* [[Hyperosmia]]
  +
* [[Hyposmia]]
  +
* [[Parosmia]]
  +
* [[Olfactory bulbectomy]]
 
* [[Olfactory perception]]
 
* [[Olfactory perception]]
 
* [[Parosmia]]
 
* [[Parosmia]]
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==References==
 
==References==
<references/>
+
{{reflist|2}}
  +
  +
== Further reading ==
  +
* {{cite book |title=Remembering Smell: A Memoir of Losing - and Discovering - the Primal Sense |last=Blodgett |first=Bonnie |year=2010 |publisher=Houghton Mifflin Harcourt |isbn=978-0-618-86188-0}}
  +
* {{cite book |title=Nunca sabrás a qué huele Bagdad (You will never know the smell of Bagdad)|last=Tafalla |first=Marta |year=2010 |publisher=Autonomous University of Barcelona |language=Spanish |isbn=978-84-490-2611-9}} - Novel dealing with congenital anosmia.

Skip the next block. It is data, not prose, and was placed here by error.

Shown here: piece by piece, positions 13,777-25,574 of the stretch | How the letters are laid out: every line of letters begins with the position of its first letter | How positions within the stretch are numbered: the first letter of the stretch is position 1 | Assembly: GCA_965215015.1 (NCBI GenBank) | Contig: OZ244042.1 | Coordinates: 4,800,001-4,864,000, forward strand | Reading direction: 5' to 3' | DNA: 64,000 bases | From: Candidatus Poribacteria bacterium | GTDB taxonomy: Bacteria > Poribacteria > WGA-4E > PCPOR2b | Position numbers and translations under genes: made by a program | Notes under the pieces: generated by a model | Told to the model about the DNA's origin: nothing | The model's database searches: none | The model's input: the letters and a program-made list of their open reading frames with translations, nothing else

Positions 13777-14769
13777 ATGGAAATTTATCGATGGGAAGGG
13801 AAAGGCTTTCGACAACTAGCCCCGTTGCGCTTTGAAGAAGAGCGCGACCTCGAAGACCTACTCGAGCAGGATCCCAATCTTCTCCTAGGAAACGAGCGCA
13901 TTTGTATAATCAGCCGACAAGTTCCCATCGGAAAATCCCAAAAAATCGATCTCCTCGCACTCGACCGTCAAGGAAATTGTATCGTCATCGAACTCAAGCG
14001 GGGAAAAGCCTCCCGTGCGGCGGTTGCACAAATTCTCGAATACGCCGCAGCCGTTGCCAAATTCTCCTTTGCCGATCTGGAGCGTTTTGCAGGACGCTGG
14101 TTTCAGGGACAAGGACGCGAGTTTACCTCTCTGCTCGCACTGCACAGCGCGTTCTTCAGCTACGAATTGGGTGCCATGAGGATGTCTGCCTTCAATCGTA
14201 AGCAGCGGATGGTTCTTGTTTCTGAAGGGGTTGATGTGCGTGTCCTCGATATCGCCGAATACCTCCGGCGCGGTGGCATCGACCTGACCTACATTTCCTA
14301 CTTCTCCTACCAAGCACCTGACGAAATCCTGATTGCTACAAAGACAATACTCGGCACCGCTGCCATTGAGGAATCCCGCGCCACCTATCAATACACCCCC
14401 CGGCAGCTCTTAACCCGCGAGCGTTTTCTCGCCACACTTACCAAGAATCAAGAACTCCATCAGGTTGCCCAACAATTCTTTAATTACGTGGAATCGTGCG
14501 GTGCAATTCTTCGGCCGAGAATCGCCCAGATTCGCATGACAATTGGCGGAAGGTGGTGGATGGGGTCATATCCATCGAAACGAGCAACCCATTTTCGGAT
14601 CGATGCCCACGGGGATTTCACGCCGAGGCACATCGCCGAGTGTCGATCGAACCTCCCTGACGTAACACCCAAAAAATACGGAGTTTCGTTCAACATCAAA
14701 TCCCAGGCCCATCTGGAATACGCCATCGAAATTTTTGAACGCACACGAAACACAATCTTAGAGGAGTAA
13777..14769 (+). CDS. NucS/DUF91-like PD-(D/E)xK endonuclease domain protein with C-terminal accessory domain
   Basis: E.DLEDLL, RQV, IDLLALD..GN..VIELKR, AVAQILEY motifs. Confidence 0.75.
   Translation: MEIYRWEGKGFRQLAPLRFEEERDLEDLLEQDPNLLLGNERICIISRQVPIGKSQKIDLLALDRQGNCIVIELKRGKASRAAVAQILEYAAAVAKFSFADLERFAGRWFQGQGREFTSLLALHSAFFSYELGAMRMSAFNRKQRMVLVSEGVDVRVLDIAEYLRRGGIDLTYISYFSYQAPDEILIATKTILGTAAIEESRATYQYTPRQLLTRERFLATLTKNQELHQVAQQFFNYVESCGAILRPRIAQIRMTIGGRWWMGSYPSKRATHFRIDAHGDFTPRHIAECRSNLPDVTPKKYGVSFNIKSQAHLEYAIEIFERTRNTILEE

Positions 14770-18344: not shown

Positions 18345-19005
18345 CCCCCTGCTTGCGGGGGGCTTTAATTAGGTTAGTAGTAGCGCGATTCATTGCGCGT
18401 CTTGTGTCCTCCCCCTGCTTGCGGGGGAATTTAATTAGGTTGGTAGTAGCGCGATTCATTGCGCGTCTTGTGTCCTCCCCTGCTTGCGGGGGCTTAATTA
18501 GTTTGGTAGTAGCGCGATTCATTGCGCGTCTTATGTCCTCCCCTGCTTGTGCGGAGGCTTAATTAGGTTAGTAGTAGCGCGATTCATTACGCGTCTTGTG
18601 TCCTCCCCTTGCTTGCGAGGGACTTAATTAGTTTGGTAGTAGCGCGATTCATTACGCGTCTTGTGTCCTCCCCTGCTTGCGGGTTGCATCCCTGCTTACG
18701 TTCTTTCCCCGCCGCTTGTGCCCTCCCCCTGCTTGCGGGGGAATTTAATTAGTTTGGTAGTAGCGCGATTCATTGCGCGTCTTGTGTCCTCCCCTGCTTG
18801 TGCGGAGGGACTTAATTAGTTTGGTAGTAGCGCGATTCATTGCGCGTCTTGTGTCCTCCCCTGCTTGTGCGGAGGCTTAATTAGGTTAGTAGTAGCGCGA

+
  +
  +
{{Cognition, perception, emotional state and behaviour symptoms and signs}}
  +
  +
   
 
==External links==
 
==External links==
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*[http://www.anosmia.net/ The Congenital Anosmia Forums]
 
*[http://www.anosmia.net/ The Congenital Anosmia Forums]
 
*[http://www.scienceofsmell.com/scienceofsmell/index.cfm?action=promo&pc=sathome3 The Smell and Taste Treatment & Research Foundation]
 
*[http://www.scienceofsmell.com/scienceofsmell/index.cfm?action=promo&pc=sathome3 The Smell and Taste Treatment & Research Foundation]
  +
*[http://www.cardiff.ac.uk/biosi/staffinfo/jacob/Anosmia/anosmia.html Cardiff University Anosmia resource site][[Category:Disorders of olfactory perception]]
   
[[Category:Disorders of olfactory perception]]
+
[[Category:Olfactory system]]
 
[[Category:Neurological disorders]]
 
[[Category:Neurological disorders]]
 
[[Category:Sense organ disorders]]
 
[[Category:Sense organ disorders]]
 
 
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[[de:Anosmie]]
 
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Anosmia
ICD-10 R430
ICD-9 781.1
MeSH D000857